Each local spiking interneuron has two layers of branches (Fig. 8.6a). Studies with the electron microscope have shown that the ventral layer
Figure 8.6 Local spiking interneurons of the locust third thoracic ganglion. (a) Diagrams of an interneuron showing its dorsal and ventral fields of branches. This interneuron was excited by hairs on the ventral surface of the tibia near to the foot, and by proprioceptors that responded to extension of the tibia. The two oval shapes indicate locations of cell bodies of two different groups of spiking local interneurons. (b) Intracellular recordings of the responses by a local spiking interneuron to stimulation of trichoid sen-silla at three different locations on the femur, indicated in the diagram. Two or three recordings for each hair are superimposed. The lower trace shows a spike from the sensory neuron, and the upper trace is the intracellular recording from the interneuron. The middle recording shows the strongest connection: each sensory neuron spike evoked a spike in the interneuron, whereas spikes in the other two sensory neurons evoked subthreshold EPSPs. (a from Burrows, 1985; reprinted with permission of the American Physiological Society; b modified after Burrows, 1992b; reprinted with permission from Trends in Neuroscience; copyright © 1992 Elsevier Science.)
mostly receives input synapses, whereas the dorsal layer mostly makes output synapses (Watson & Burrows, 1985). The two layers are connected by a long, thin neurite that may be an axon, carrying spikes from the ventral to the dorsal layer, but its small size makes it hard to confirm this experimentally. One group of local spiking interneurons have their cell bodies clustered near the middle of the ventral surface of the ganglion, and these interneurons all make inhibitory output synapses (Siegler & Burrows, 1984). Another group have their cell bodies close to the anterior connective, and these interneurons make excitatory output synapses (Nagayama, 1989).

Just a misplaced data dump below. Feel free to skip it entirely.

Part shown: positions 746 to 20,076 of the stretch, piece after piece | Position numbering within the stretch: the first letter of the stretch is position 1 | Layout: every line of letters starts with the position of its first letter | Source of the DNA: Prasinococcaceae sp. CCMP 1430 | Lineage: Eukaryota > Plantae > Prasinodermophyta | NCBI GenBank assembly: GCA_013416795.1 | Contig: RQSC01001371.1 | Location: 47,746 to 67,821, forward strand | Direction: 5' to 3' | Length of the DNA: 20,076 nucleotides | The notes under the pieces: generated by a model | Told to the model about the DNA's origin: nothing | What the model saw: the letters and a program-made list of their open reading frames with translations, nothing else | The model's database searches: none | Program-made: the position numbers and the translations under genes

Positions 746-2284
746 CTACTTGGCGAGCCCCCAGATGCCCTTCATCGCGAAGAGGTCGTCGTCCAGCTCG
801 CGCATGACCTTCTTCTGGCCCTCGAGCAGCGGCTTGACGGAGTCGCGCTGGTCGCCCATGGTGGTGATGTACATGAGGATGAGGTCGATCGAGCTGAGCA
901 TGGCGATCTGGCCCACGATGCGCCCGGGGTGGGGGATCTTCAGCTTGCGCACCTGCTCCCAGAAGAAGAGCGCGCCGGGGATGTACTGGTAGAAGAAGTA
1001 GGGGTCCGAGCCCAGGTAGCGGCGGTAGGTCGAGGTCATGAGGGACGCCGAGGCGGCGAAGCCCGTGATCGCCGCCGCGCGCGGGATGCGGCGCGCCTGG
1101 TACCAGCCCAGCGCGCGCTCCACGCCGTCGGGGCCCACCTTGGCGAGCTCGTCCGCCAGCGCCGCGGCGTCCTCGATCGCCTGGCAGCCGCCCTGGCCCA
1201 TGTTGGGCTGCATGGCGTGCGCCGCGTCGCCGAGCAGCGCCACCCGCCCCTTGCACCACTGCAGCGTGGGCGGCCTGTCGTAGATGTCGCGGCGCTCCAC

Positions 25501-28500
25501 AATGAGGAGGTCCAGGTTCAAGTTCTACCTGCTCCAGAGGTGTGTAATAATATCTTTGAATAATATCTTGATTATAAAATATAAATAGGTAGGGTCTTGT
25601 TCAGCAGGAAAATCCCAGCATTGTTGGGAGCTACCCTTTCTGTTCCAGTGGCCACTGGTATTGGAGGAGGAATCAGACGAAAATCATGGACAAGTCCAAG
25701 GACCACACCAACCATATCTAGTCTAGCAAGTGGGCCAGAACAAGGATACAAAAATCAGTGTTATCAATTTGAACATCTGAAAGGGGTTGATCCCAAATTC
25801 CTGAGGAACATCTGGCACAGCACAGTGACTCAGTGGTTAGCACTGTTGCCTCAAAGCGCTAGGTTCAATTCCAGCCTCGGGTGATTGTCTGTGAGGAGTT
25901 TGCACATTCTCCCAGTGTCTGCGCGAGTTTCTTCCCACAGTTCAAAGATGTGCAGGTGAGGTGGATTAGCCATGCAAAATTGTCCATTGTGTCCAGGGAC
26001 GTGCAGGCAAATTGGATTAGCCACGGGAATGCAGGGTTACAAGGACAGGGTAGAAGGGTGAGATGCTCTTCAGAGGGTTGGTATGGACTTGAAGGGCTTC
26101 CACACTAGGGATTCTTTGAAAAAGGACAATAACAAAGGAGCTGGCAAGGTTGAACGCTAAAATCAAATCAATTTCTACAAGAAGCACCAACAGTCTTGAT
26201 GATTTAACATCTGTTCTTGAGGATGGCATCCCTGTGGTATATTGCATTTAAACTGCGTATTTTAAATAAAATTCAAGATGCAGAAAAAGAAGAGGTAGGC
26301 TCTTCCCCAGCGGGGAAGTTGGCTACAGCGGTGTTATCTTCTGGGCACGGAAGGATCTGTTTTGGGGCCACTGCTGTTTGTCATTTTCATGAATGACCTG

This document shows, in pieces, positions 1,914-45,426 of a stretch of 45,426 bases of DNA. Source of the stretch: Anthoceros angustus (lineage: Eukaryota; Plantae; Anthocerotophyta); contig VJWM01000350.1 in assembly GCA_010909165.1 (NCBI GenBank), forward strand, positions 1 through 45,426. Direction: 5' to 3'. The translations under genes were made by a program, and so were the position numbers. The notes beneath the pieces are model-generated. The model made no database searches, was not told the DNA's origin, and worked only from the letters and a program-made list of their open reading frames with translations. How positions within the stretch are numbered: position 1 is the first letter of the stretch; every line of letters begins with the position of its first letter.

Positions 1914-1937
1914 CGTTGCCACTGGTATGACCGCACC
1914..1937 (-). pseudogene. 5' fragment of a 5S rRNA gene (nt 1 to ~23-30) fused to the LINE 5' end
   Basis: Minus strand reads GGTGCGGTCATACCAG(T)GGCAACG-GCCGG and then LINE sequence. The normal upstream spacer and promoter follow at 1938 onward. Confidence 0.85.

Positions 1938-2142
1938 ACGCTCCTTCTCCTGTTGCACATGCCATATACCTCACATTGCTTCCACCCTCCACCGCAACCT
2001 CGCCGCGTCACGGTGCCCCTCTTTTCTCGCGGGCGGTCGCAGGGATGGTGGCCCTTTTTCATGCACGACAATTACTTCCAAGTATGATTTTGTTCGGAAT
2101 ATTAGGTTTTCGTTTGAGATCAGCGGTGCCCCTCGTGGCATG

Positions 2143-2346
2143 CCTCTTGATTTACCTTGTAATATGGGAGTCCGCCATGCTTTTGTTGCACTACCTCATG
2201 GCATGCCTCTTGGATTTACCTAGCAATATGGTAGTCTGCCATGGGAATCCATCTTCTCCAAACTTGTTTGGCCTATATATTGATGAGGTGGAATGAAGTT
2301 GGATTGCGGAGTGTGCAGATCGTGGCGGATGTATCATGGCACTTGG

Each local spiking interneuron responds to stimulation of basiconic and trichoid sensilla in a well-defined receptive field on particular regions of the leg (Burrows & Siegler, 1985; Burrows & Newland, 1993). Some interneurons have fields restricted to particular parts of one segment of the leg, but others have broader receptive fields that extend in both directions from a joint. The interneuron from which the recordings in Fig. 8.6b were made responded to stimulation of trichoid sensilla on the ventral surface of the femur and there was a gradient in the strength of connections that declined in a direction away from the body. In the most sensitive part of the receptive field, a single spike in a sensillum will often be sufficient to elicit a spike in a local spiking interneuron. However, when two sensory neuron spikes occur in quick succession, the second may only elicit a small PSP, and this change in the effectiveness of the synapses is a mechanism that enhances responsiveness by the locust to new, rather than maintained, tactile stimuli (Burrows, 1992a).
Each spiking interneuron excites or inhibits a number of different targets, which are mainly non-spiking interneurons and motor neurons. The overall pattern of connectivity is diffuse, because each non-spiking interneuron or motor neuron receives inputs from a number of different local spiking interneurons. However, the pattern of connections preserves information about the location of tactile stimuli on the surface of the leg, so that non-spiking interneurons and motor neurons, as well as the local spiking inter-neurons, have well-defined receptive fields. When part of the leg is touched, therefore, a particular set of local spiking interneurons and another set of non-spiking interneurons are activated.
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